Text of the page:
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Harlequin’s digital-first imprint for adult romance and mystery, Carina Press, is launching Carina Adores, a new line coming in 2020 that will feature trope-driven LGBTQ+ contemporary romance. The publisher is accepting submissions.
THIS PAST SUMMER, Walter Mosley, Agatha Award–winning writer Gigi Pandian, and I started a group for crime writers of color. Within two months, the group went from the three of us to having over 80 writers — all in various stages of our careers. We cheer the ups, commiserate with the downs, and brainstorm ways to ensure the appallingly low number of mysteries published by writers of color continues to grow.
It was during one of those brainstorming discussions that the idea for this roundtable took shape. The group was discussing how best to diversify conference panels. I mentioned how I’d love to see a panel featuring black mystery writers who first published in different decades to see what had gotten easier, what had gotten harder, and what had stayed the same.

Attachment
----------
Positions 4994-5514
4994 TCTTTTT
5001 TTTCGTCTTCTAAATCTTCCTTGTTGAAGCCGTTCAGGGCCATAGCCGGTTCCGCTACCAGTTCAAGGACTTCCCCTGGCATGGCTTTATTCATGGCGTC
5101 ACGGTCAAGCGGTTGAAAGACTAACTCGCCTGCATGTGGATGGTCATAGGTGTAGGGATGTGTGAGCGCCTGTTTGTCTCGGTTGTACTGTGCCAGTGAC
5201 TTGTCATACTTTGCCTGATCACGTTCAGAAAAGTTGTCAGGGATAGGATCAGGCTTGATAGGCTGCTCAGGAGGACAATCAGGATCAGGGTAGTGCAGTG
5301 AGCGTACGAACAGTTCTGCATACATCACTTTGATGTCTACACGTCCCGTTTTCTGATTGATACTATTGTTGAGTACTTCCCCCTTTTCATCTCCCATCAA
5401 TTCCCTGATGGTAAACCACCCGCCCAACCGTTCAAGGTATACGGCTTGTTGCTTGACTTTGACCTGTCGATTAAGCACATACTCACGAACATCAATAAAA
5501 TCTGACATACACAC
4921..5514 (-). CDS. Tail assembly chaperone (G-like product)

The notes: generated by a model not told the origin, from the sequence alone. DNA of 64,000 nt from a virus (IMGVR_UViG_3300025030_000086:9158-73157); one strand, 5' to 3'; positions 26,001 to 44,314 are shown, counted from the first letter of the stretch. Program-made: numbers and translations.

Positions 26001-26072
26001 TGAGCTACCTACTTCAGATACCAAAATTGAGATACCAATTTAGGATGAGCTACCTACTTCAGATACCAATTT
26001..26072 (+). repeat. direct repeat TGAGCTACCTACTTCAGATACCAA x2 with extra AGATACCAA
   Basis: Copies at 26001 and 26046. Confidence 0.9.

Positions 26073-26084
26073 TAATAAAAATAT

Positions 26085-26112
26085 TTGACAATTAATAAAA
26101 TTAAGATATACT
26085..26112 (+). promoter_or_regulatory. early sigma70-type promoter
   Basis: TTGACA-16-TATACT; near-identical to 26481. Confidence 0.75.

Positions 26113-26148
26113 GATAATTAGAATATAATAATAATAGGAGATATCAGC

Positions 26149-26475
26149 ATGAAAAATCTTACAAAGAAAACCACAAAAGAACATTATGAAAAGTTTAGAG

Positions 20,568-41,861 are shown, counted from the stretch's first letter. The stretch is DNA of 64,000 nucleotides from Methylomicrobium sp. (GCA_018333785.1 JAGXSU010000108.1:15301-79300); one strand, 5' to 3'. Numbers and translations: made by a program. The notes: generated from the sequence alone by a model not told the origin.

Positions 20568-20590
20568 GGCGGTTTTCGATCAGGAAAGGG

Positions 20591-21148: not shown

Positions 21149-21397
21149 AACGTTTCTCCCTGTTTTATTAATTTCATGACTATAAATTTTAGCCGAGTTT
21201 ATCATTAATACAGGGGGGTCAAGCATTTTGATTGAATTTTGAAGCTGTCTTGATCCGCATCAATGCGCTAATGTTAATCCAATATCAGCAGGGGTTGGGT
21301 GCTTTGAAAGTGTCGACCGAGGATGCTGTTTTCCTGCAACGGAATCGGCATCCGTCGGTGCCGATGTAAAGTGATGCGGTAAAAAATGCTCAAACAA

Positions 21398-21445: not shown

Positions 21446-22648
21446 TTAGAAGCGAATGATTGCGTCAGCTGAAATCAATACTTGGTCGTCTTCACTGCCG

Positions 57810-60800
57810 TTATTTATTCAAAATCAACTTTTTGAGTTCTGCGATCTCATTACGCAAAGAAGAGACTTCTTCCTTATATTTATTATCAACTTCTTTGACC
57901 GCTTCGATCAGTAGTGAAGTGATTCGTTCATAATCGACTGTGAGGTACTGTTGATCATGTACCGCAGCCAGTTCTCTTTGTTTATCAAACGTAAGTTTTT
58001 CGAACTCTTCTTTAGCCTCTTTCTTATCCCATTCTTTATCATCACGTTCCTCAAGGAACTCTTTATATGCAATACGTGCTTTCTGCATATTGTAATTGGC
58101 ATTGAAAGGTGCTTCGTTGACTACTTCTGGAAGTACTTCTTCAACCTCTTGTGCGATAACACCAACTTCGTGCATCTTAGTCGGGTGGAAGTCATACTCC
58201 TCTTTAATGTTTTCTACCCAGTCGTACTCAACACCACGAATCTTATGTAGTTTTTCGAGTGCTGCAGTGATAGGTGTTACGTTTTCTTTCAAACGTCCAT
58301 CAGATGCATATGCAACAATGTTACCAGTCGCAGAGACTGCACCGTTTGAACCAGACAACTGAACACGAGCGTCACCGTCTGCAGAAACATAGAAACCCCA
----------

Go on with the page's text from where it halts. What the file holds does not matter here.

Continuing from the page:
Steph Cha messaged me suggesting that it might work as a roundtable discussion. I knew exactly who I wanted to invite — and was thrilled when they all immediately said yes. The resulting conversation is enlightening and a great inside look at what it’s like to be a black mystery writer.
Books have always been pretty cool, but Gucci is giving them a new lease. On Tuesday, the brand opened the Gucci Wooster Bookstore curated by Dashwood Books, just in time for peak curl-up-and-read season.
Located inside Gucci’s enormous Wooster store, the intimate reading nook is meant to host shoppers looking to for a cozy place to sit and browse, as well as book signings and cultural events for neighbors and friends. Since opening its downtown location in May, Gucci has worked hard to cultivate Soho’s legendary artistic spirit, which is why they invited Dashwood Books founder, David Strettell to help curate an assortment of nearly 2,000 titles.